Omar Arrington-BeyFile photo
CINCINNATI, Ohio -- A federal appeals court panel said Friday that no Bedford Heights police officers should be held legally responsible for the death of a 38-year-old man who was held in an isolation cell for nine hours and then strapped to a chair during a psychotic episode.
The ruling from the 6th U.S. Circuit Court of Appeals is a reversal from a Cleveland federal judge's decision, which said not only could police officers be held liable in Omar Arrington-Bey's death in 2013, but the city as well for failing to train its employees.
In a 10-page opinion authored by Judge Jeffrey Sutton, the three-judge panel ruled there is no case law that would require officers to take an inmate to a hospital after exhibiting the type of behavior that Arrington-Bey showed, which ranged from rambling and raving to being violent.
Officers could not foresee that Arrington-Bey's behavior, attributed to a psychological breakdown, would lead to his death, Sutton wrote.
"Police officers face tough judgment calls about what to do with the mentally ill," Sutton wrote. "Arrestees do not normally arrive at jail toting their medical records. Psychiatric problems do not always manifest themselves with clarity. And not even clear psychiatric problems always reveal their potential for serious harm -- as here a heart attack."
(You can read the full opinion here or at the bottom of this story.)
The decision mark the end for the case, though attorneys for the family said they would ask to have the case heard by the full panel of appeals court judges.
Arrington-Bey, a former Shaker Heights High School wrestler, was arrested on June 21, 2013 after acting out at a Lowe's hardware store on Miles Road.
Officers found a bottle of pills in his pockets. Arrington-Bey told police he had the pills for a psychiatric condition and that he had not taken his medication for days, according to court filings.
Arrington-Bey was agitated and continued to act out as officers held him in a jail isolation cell, the opinion says.
Corrections officer Jeffrey Mudra took Arrington-Bey out of his cell after several hours to make a phone call. Arrington-Bey grabbed Mudra, threw him to the floor and choked him, the opinion says.
Officer Cheryl Sindone tried to intervene but Arrington-Bey pinned and choked her. Officers then put him in the restraint chair, court filings state.
Officers noticed something was wrong after they strapped Arrington-Bey to the chair. His pulse had dropped, according to the opinion. They tried to resuscitate him, and he was taken to a hospital where he was pronounced dead.
Arrington-Bey suffered a "sudden cardiac death in association with physical altercation and bipolar disease," according to the Cuyahoga County Medical Examiner's Office. The death was labeled a homicide.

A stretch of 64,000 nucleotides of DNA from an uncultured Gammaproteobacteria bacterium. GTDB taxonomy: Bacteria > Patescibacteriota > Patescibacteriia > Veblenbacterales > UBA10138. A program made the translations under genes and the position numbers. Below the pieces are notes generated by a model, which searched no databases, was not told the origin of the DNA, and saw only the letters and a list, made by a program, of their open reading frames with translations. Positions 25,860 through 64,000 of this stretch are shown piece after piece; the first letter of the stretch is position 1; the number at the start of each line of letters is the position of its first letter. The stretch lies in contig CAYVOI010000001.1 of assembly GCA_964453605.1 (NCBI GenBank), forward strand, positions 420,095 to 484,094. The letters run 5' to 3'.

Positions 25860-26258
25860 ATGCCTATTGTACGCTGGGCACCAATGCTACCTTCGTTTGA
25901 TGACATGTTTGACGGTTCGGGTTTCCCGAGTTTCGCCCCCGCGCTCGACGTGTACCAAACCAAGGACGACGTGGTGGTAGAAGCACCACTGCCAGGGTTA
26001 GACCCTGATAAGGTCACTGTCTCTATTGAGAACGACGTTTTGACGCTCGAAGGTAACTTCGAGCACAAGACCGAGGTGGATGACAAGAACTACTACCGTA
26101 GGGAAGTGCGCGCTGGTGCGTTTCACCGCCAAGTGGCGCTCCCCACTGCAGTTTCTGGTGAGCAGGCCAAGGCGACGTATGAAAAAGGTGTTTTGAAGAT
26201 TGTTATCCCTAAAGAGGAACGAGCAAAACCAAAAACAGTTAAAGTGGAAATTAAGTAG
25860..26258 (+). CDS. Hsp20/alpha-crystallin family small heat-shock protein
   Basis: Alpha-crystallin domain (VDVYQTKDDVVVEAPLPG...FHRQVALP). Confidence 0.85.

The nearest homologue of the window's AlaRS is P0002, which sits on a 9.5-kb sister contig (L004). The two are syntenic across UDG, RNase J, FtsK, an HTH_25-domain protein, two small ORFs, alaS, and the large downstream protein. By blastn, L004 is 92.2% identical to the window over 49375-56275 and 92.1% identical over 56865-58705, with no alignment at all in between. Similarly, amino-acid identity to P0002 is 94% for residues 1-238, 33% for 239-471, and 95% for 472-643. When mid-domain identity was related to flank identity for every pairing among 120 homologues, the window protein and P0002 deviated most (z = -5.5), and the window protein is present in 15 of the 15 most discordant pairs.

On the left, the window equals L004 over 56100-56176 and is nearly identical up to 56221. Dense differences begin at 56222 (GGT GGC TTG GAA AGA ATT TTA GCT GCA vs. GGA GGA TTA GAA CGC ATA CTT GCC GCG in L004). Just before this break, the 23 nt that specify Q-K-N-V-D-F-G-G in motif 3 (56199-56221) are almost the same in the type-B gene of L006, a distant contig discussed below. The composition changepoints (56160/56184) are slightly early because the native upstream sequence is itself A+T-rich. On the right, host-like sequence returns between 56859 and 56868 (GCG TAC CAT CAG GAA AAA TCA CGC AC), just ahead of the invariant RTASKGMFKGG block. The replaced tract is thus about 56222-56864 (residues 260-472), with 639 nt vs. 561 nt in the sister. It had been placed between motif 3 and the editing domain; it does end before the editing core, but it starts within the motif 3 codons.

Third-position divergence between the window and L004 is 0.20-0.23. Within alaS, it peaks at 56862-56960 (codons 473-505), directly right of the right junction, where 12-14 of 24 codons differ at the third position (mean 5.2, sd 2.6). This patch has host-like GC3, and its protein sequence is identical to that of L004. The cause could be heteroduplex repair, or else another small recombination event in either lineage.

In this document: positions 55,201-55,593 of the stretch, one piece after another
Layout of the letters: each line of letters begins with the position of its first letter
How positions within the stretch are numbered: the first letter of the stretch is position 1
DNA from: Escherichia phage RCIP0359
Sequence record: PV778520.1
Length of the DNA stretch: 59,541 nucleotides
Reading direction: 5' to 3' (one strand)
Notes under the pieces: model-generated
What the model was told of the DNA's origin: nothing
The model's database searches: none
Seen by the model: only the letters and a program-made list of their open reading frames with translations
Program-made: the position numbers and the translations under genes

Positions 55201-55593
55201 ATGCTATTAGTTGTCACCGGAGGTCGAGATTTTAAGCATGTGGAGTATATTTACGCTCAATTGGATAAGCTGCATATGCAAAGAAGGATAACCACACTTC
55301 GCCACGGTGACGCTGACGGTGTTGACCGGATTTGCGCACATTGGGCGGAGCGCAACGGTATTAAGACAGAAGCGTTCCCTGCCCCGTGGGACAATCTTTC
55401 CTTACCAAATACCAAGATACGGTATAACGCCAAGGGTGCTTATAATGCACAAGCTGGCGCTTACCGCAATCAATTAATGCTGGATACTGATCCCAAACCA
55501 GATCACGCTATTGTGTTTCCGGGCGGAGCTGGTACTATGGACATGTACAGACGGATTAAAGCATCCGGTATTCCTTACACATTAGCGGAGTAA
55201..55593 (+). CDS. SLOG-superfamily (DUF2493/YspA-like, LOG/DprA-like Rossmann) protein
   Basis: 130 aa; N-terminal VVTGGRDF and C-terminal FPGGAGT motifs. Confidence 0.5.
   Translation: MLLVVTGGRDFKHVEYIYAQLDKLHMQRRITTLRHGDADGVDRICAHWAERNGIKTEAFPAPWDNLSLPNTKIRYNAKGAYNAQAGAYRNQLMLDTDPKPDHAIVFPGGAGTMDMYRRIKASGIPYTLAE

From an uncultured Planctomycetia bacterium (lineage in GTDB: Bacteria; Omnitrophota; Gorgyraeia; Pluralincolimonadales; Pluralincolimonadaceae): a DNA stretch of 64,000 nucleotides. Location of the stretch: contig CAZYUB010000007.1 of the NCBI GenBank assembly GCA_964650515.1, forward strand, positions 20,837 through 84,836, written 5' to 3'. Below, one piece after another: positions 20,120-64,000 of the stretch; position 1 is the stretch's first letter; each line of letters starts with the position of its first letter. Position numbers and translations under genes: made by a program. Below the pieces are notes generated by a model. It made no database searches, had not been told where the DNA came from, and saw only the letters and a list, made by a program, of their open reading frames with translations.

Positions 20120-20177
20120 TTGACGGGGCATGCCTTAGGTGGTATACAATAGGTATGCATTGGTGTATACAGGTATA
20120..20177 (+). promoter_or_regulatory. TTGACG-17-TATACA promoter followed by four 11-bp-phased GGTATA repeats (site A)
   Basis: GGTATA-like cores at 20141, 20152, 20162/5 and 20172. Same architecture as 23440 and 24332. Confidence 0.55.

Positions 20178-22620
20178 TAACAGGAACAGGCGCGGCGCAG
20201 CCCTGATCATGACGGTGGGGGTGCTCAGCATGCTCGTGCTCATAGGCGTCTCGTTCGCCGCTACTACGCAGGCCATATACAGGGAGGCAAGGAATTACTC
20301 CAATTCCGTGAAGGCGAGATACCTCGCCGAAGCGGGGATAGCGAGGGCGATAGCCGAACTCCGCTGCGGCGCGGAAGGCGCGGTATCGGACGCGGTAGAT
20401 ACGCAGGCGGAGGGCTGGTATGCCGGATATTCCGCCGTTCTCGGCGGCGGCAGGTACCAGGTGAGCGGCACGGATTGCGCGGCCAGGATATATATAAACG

U.S. District Judge Patricia Gaughan ruled in March 2016 that there was evidence the officers were indifferent to Arrington-Bey's medical needs. She said a jury should also decide whether the city should be held liable, because officers testified in depositions that the city rarely provided mental health-training for police, if at all.
The appeals court disagreed. Sutton wrote that there are no other cases that dictate how an officer should act if a person is not, say, suicidal or at risk for having a seizure.
"Even if the jail officers knew that Omar was bipolar and delusional, no clearly established law required them to do more than what they did ..." Sutton wrote.
The three-judge panel suggested it may be wise for cities to look at revising their policies to prevent a death like Arrington-Bey's to happen again.
Attorneys Terry Gilbert and Jacqueline Greene, who represent Arrington-Bey's mother, said in a statement that "any reasonable police or correctional officer would have seen that Omar was going through a psychological breakdown and needed help."
They said they would likely ask the full 6th Circuit to re-examine the case.
"To suggest that these officers acted reasonably by taking Omar to jail and then locking him in a room for (nine) hours and doing nothing is a sad commentary on the failure of government and the legal system to acknowledge such a basic human right," the attorneys said.
Jim Climer, an attorney representing Bedford Heights, said he has respect for Gaughan and Gilbert but agrees with the 6th Circuit's decision.
The jail closed shortly after Arrington-Bey's death, but for unrelated reasons, Climer said.
The Ohio Attorney General's Bureau of Criminal Investigation launched a probe into Arrington-Bey's death but none of the officers faced charges.
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